Also known as: European Sycamore, White Sycamore
Botanical Name: Acer pseudoplatanus
Description: The common Sycamore, which is a member of the Maple family, is seen all over central, southern and western Europe, often self-seeding to such an extent that young saplings have to be thinned out in order to keep them under control.
We are all familiar with the winged seeds known by children everywhere as “helicopters”. In order to produce white Sycamore veneer, the logs are felled in the winter months while the sap is not rising. They are then sliced, uncooked, as soon as possible after felling in order to avoid discolouration. Usually they will be flat cut so as to produce as much crown material as possible, but selected logs may be quartered or rift-cut when larger runs of straight-grained veneer are required. Many logs are pippy to varying degrees but these pips are usually the same light colour and should, in the main, be accepted. Those that are completely free of pips are infrequent and command much higher prices, particularly if this is combined with an elegant crown structure.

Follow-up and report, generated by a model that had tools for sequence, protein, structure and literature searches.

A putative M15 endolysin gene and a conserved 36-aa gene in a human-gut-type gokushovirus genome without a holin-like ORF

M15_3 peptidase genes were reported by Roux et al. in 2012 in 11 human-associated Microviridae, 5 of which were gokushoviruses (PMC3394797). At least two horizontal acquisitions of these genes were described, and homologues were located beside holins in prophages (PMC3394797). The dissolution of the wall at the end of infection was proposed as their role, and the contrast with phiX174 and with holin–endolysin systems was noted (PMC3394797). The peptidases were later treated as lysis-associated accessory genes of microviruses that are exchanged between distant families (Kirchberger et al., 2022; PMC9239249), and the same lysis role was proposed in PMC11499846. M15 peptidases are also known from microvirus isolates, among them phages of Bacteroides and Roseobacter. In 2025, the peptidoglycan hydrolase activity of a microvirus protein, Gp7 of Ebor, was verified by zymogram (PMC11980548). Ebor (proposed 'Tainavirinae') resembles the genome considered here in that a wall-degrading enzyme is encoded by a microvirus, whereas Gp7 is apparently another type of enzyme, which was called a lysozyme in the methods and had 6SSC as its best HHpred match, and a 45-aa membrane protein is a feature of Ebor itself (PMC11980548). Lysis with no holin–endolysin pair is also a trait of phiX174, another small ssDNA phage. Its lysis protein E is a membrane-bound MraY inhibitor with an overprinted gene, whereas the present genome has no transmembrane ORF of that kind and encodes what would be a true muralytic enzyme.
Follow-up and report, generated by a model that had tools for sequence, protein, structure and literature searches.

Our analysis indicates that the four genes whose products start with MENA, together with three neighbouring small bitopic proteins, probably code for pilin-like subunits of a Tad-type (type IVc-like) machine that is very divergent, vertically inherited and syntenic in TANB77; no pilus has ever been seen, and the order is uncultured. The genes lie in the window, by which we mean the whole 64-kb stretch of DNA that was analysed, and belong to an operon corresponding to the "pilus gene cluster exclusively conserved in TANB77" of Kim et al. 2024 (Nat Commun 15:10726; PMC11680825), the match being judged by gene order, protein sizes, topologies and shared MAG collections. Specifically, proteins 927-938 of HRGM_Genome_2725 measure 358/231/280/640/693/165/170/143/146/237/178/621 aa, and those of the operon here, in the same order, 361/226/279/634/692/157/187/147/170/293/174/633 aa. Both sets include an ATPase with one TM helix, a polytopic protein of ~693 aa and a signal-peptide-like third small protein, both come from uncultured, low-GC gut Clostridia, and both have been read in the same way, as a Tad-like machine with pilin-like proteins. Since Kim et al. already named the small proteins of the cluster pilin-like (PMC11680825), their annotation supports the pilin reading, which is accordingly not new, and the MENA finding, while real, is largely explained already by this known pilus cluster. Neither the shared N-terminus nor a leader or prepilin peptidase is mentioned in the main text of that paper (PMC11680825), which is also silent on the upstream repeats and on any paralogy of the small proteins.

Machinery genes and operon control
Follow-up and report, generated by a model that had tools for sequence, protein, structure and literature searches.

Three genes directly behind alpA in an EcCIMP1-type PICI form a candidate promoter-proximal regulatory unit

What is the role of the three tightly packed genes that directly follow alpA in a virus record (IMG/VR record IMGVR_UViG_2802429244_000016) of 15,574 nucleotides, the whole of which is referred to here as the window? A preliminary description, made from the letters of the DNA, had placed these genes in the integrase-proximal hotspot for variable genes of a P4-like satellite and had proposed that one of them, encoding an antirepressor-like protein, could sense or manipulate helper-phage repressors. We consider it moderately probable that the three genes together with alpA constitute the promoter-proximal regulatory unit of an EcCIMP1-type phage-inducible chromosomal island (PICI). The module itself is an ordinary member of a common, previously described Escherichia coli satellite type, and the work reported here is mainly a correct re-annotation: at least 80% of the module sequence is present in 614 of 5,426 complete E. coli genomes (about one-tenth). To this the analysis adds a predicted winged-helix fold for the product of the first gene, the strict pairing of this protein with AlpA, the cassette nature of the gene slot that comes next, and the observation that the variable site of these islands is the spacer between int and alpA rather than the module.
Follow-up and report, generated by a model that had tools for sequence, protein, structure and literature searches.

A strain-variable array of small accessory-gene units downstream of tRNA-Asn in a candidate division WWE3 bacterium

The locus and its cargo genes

The UK is known as a good source of figured logs and the best of these will produce veneer with a beautiful fiddleback figure, always in demand for special interiors and furniture. This too is available in both crown and straight-grain veneer but the figure is usually accentuated in the latter. Older trees often display a darker area of heartwood which will usually be removed at the mill when the bundles are trimmed. Where, however, on close inspection this area is judged to offer characteristics that look particularly decorative, (usually meaning a combination of colour(s) and structure) logs of this type will be sliced and trimmed so that this old discoloured heartwood is left in. Good examples of this type, known as “Rainbow” Sycamore, are very eye-catching and offer a different, interesting and colourful alternative to the usual white veneer. Occasional logs of cluster or curl veneer may from time to time be cut, but these are not common and should be regarded as specials.